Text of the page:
That was a joke, he clarified, yet it could be interpreted as a reference to the despondency that existed after an underwhelming September.
David Meyler, who was sitting to his right, subsequently said that he felt the doom and gloom was created by the press.
It went beyond that but, fuelled by the desire to silence doubters, this Irish dressing-room have emerged from the big Aviva Stadium defeat to Serbia to set up another night in Ballsbridge that will define this World Cup campaign.
The 65-year-old cast the mind back to the opening match in Belgrade 15 months ago.
"It has been a long and gruelling campaign," he asserted.
Denmark's reaction to Saturday's scoreless fare in Copenhagen suggested that Age Hareide's side felt the first 90 minutes of this tie were long and gruelling too and their frustration levels should encourage tonight's hosts.
O'Neill says Ireland need to be more expansive on their own patch. But his strategy for freshening things up will have to keep the possibility of another stalemate and extra-time in mind.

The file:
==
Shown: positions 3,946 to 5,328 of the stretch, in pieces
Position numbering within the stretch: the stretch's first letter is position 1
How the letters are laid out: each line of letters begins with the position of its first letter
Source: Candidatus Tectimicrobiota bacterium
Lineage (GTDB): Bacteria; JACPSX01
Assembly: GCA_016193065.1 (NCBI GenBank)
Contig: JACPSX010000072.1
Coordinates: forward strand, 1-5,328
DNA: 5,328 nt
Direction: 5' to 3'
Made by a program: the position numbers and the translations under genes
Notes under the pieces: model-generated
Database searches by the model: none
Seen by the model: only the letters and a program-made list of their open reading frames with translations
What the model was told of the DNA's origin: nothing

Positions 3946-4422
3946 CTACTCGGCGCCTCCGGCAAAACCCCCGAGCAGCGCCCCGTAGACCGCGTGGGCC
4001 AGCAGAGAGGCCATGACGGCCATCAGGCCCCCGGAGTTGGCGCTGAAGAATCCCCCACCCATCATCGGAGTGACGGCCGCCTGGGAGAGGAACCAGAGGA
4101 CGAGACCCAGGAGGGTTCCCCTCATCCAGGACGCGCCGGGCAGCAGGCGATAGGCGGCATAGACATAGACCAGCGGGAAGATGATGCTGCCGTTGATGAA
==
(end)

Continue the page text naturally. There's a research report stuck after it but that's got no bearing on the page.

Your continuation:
Meyler's presence at the press conference suggests he will get the armband back - much as the manager was reluctant to confirm it - and his return would allow Jeff Hendrick or Robbie Brady to switch right in place of Callum O'Dowda.
However, that depends on the physical toll that the first encounter has taken on Harry Arter and Hendrick. Daryl Murphy put himself about too, but Shane Long (left) could be a better option to stretch a sturdy Danish rearguard.
Wes Hoolahan has been called upon for significant games at the Aviva but it's entirely possible that he will be kept in reserve in case Ireland require the veteran playmaker's services to unlock the door in the dying stages.
The manager is preparing for the eventuality where Ireland require a pair of goals, yet it's worth noting the theme that runs through the keynote victories of O'Neill's tenure; Germany (1-0), Bosnia (2-0), Italy (1-0), Austria (1-0) and Wales (1-0).
The absence of a concession is the key. Ireland have won just two meaningful games under O'Neill where the opposition have struck the target - Georgia and Moldova were the opposition.
Ireland scored first in both of those games too, so when they conceded they only required another goal to regain the initiative.